The transformation refers to the Lyttleton theatre, as one of the artistic directors in charge of the project, Joe Smith, discussed with Theatrenow.
As the NT's Education Department's Project Manager, he has produced large-scale, site-specific performances, devised and programmed theatre-based development courses, produced international storytelling projects, co-produced national middle-scale tours and produced six UK and international Shakespeare tours.
His brief remarks regarding the Lyttleton were clear: "Trevor approached the younger members of the company and asked for ideas about transforming the Lyttleton, which is the least imaginative and most rigid of the spaces in the National." The remit was to make the space more interesting "and we jointly decided, as a company, that we should split the Lyttleton into two separate spaces, creating, in the process, the sort of 100-seat studio that the National has always lacked."
What about the Cottesloe? "It's a really good space, and it's popular with visiting directors, but it's attached to the side of the National, with a separate entrance, and in a way it feels cut off from a sense of being in the National. Changing the Lyttleton offered the chance to create a studio space comfortably within the main building."
The changes have created two new spaces. What are their main characteristics? "The Lyttleton itself has had the stage raised a meter and thrust out through the proscenium arch and into the auditorium, the stalls of which have also been raised up into a tier that connects with the dress circle. This means that, for the first time, the whole audience feels part of the same theatre space and experience — until now they have been in effect cut into two quite distinct sections. And, as an actor its noticeable how you'll get a laugh in the dress circle half a second or so after one from the stalls. Now, hopefully, people will feel part of one auditorium instead of two."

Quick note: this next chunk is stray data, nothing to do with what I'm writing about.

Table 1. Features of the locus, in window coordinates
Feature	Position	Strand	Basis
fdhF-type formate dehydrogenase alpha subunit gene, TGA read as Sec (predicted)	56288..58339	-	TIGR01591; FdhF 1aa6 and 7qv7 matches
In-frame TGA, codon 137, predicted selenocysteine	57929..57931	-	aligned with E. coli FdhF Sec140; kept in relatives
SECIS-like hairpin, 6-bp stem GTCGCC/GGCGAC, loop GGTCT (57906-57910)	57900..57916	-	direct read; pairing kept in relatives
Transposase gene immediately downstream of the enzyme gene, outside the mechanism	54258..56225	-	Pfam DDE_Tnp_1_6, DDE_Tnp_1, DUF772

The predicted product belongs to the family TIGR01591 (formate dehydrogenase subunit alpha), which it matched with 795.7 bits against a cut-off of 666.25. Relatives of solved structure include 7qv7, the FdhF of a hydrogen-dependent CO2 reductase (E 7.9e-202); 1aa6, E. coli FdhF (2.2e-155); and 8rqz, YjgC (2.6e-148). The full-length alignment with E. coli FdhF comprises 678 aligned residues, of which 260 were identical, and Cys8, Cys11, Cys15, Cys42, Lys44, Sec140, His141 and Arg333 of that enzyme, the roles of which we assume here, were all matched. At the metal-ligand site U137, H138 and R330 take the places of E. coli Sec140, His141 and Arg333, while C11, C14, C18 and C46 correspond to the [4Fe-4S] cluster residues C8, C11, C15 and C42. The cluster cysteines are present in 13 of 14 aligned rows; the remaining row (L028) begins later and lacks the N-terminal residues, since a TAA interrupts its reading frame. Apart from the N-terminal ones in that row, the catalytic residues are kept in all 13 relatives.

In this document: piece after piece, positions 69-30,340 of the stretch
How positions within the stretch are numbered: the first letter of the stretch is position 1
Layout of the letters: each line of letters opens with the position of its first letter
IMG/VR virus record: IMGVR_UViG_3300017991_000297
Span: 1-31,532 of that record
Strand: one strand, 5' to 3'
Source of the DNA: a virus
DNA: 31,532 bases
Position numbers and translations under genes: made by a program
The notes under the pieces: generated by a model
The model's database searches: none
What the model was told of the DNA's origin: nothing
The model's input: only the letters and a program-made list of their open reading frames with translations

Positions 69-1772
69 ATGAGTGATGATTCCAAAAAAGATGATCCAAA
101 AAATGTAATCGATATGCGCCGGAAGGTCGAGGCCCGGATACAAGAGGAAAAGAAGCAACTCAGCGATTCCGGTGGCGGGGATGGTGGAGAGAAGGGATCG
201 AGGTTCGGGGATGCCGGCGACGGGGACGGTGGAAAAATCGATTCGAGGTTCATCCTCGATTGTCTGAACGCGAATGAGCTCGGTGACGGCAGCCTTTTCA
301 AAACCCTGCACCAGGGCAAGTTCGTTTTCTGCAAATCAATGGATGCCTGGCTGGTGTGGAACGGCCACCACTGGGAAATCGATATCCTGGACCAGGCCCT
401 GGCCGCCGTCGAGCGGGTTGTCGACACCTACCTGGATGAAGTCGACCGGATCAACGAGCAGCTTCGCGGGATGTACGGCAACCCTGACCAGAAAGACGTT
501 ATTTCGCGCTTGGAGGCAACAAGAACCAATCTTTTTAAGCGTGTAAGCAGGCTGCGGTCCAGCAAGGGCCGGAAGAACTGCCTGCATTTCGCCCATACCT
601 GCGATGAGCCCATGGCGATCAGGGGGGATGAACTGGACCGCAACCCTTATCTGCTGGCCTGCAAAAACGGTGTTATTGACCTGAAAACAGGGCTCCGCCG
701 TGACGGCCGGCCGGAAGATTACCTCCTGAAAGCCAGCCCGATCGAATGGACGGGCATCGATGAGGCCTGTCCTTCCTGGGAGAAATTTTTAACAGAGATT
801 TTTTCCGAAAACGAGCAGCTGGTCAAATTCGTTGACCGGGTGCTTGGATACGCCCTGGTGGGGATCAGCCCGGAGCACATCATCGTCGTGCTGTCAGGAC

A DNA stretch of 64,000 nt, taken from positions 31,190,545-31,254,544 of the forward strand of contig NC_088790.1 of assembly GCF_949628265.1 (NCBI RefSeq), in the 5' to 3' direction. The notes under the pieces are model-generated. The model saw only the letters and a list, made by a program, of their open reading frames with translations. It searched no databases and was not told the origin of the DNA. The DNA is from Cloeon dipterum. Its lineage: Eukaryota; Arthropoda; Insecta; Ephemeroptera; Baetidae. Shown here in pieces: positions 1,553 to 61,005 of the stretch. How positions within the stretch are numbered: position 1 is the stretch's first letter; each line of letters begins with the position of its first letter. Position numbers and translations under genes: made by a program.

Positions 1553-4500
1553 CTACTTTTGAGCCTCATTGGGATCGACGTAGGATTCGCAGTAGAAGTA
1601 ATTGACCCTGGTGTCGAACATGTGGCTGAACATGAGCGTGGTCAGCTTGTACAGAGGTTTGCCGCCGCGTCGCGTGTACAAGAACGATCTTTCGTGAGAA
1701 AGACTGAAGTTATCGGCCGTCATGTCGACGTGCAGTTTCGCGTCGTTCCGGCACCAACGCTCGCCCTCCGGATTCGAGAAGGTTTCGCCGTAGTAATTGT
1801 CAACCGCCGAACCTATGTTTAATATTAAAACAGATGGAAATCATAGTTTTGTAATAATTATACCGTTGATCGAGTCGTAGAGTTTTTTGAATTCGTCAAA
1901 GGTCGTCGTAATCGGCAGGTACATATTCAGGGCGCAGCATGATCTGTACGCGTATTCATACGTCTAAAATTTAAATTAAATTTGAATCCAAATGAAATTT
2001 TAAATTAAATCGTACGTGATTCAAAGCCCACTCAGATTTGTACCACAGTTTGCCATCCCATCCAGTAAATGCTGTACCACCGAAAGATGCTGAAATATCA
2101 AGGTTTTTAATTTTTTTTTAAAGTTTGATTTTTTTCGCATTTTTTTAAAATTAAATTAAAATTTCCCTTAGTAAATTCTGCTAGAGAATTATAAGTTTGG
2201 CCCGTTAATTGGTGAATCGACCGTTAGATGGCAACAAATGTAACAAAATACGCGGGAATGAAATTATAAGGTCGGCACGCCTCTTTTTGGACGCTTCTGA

What about the plans for the studio? "The Lyttleton studio will meet the demand for an intimate, flexible space, where we can try out young directors and young writers. The Lyttleton itself will be much better suited to a variety of performance styles — like Matthew Bourne's Play Without Words — while the studio will be a realistic and appropriate setting for new plays and for directors who are too young or in too early a stage of their career to be given a main stage but who certainly deserve to work at the National."
Are you expecting a new audience, too? "Yes! As well as the type of plays and performance space we are having late night openings of the bar, often with live music, and we want to create a sense of this being a relaxed and informal, audience-friendly space that will bring in younger audiences who might otherwise be slightly wary of the idea of a night at the National."
The new-look, two-space Lyttleton is being launched in May and will continue through September, after which the "old" theatre will be restored to its current shape, as Joe Smith explains: " Transformation is meant to be an experiment. We hope it will be a success, but Trevor is leaving in March 2003 and didn't want to bind his successor, Nick Hytner, to a radical new change. Besides which, it's a listed building! That's why everything is designed around the building structure and is reversible. What we hope, however, is that if it goes well, the new team at the top will want to think about doing it again in the future."
Whether that is the case or not, the National is certainly going to be extremely lively this summer, with a huge variety of plays and performance art under the same roof. A wonderful way for Trevor Nunn to celebrate his last summer on the South Bank, and a good idea for Nicholas Hytner to pick up and run with when he takes over in April 2003.